Growing up I played a lot of golf with three lifelong friends. In 1980, the hottest summer on record before this one, we’d tee off at first daylight – 6 a.m. – to beat the heat. Those were great times and I have lasting memories of our outings on the links. Sadly, in October 1982, one of our foursome died in a car accident.
The following summer, the three of us left behind decided to start a golf tournament to honor our friend. The first outing had 12 players. Over the next decade it steadily grew, and we typically had 88 participants. During years 13-23, another good friend took the reins and did a great job. Through it all, we raised more than $100,000 for a scholarship fund at our high school in Fort Worth. After the 2005, tournament, everyone knew the time had come to end it.
Then one year ago this week, another friend reached out and asked if we would allow him to restart it. “That was such a wonderful chance for everyone to get together every year,” he said. “I’d be willing to do all the work, if you guys will tell me what needs to happen.” Of course, we said yes, and on Sunday 40 of our long-time players will tee it up in the 24th Paul Knippel Memorial.
I turned 23 the week of that first tournament. Everyone who played was within a few years of my age. Now we’re on either side of 50. This time, my 17-year-old son is playing with me, along with my 21-year-old nephew and my brother. By grace, those of us in the Class of ’78 have lived a lot of life Paul never had the opportunity to experience. Somewhere, he’ll be smiling as we gather again. Life passes quickly. Make sure you reconnect with those who matter.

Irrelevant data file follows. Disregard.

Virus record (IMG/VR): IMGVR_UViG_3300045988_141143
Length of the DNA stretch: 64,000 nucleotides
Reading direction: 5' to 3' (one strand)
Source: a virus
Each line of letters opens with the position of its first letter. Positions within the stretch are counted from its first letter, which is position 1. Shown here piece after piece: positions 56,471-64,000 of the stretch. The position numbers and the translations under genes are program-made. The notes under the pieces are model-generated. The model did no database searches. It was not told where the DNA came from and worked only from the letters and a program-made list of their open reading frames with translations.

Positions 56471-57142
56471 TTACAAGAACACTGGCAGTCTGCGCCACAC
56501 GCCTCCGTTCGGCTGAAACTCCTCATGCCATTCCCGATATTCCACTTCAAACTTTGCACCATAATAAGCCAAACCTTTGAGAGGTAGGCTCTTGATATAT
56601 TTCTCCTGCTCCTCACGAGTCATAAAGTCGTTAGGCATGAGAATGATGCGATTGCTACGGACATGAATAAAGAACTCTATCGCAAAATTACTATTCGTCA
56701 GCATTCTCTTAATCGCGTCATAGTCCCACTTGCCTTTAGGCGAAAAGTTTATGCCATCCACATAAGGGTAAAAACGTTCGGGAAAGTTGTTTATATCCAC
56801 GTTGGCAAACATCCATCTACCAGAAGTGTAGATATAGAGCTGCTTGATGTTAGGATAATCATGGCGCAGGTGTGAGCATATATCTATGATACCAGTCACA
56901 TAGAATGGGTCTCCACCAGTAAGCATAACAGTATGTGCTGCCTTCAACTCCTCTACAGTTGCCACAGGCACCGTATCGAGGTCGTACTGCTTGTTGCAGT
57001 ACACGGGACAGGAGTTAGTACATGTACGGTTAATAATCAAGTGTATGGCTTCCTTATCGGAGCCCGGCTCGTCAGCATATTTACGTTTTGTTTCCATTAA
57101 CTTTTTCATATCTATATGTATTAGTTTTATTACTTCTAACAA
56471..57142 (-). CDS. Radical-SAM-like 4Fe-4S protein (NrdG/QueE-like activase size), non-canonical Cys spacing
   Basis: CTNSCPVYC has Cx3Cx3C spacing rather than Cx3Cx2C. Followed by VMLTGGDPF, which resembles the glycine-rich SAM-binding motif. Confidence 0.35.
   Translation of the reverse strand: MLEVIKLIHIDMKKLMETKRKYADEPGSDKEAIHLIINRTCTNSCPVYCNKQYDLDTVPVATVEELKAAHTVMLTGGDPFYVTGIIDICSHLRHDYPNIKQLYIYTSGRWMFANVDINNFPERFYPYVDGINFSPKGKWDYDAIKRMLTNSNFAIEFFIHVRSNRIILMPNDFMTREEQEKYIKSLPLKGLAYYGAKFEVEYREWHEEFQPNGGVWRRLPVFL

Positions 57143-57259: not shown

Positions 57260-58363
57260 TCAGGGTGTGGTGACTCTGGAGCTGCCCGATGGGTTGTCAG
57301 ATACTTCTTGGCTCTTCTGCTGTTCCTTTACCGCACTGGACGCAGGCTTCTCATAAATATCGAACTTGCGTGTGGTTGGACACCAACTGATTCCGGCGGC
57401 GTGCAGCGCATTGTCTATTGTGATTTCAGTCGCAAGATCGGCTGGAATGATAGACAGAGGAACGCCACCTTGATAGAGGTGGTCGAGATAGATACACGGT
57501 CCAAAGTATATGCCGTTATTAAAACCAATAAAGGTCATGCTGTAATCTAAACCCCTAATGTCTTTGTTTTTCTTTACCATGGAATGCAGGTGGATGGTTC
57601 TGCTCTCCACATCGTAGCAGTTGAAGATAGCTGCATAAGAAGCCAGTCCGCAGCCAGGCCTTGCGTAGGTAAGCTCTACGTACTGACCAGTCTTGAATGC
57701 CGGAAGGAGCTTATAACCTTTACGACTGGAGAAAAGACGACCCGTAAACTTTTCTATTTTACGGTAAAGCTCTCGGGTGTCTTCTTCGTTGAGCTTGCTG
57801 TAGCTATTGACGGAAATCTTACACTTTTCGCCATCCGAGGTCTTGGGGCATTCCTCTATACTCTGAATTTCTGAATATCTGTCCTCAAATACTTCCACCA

Kentucky: 14th trip to the Final Four and seven national championships. Connecticut: fourth trip in a dozen years with two national championships. Butler: second consecutive trip. VCU: are you kidding me?
Quick… name a former VCU player who made it to the NBA? (There have only been seven; the one you may have heard of is Gerald Henderson who played 13 seasons. Kentucky is only slightly ahead with 77 NBA players.)
VCU was likely the last team to make the newly expanded 68-team NCAA field. On Selection Sunday, ESPN’s Jay Bilas said of the then 23-11 Rams: “You talk about the eye test, this doesn’t make it through the laugh test.”
All VCU did to reach its first-ever Final Four here in Houston was win a play-in game against USC, then beat Georgetown (5 Final Fours, two titles), Purdue (2 Final Fours), Florida State (1 Final Four) and Kansas (13 Final Fours, three titles). If by some chance they overcome Butler and take down the UK/UConn winner to claim the championship, it would be a bigger upset than an amateur winning next week’s Masters golf tournament. At 170-1 odds before the tournament began, VCU is a bigger long shot than Mr. Ed would have been against Northern Dancer in the 1964 Kentucky Derby.
The next time members of your team are feeling down because they aren’t winning more on the court of business success, remind them about the little schools that could from Indianapolis and Richmond. All your players may need is a reason to believe… even if they’re currently the last choice in some expert’s bracket.
Butler’s run to the Championship game of the NCAA Basketball tournament – a reel-life “Hoosiers” sequel – captured the nation’s hearts. Although Gordon Heyward’s last-second launch from half-court bounced out and the Duke Blue Devils escaped with the title, the Bulldogs proved little guys can compete with the big boys.
Yes, America still loves an underdog… and that’s good to know during these times of fledgling economic recovery. While bailouts and government programs seem to be helping Wall Street and other giants, Main Street and small entrepreneurs continue to struggle. That makes it tough to get up in the morning and keep a positive attitude… tough to continue believing a new day is around the corner.
In the locker room minutes before the opening tip last night, Butler’s youthful coach Brad Stevens, calmly said these words to his would-be giant killers: “It’s about being a great teammate and being accountable. If you do tough things, if you stay together, you’ll not only attract that what you want, you’ll attract that what you are.”
As an advocate of the Law of Attraction, I’m convinced great results arise from great attitude. Regardless of how difficult things appear right now, your positive vision of believing you will be the David that overcomes Goliath is essential.
Thank you, Butler and Duke, for a great game. Thank you for reminding us great things happen when you believe.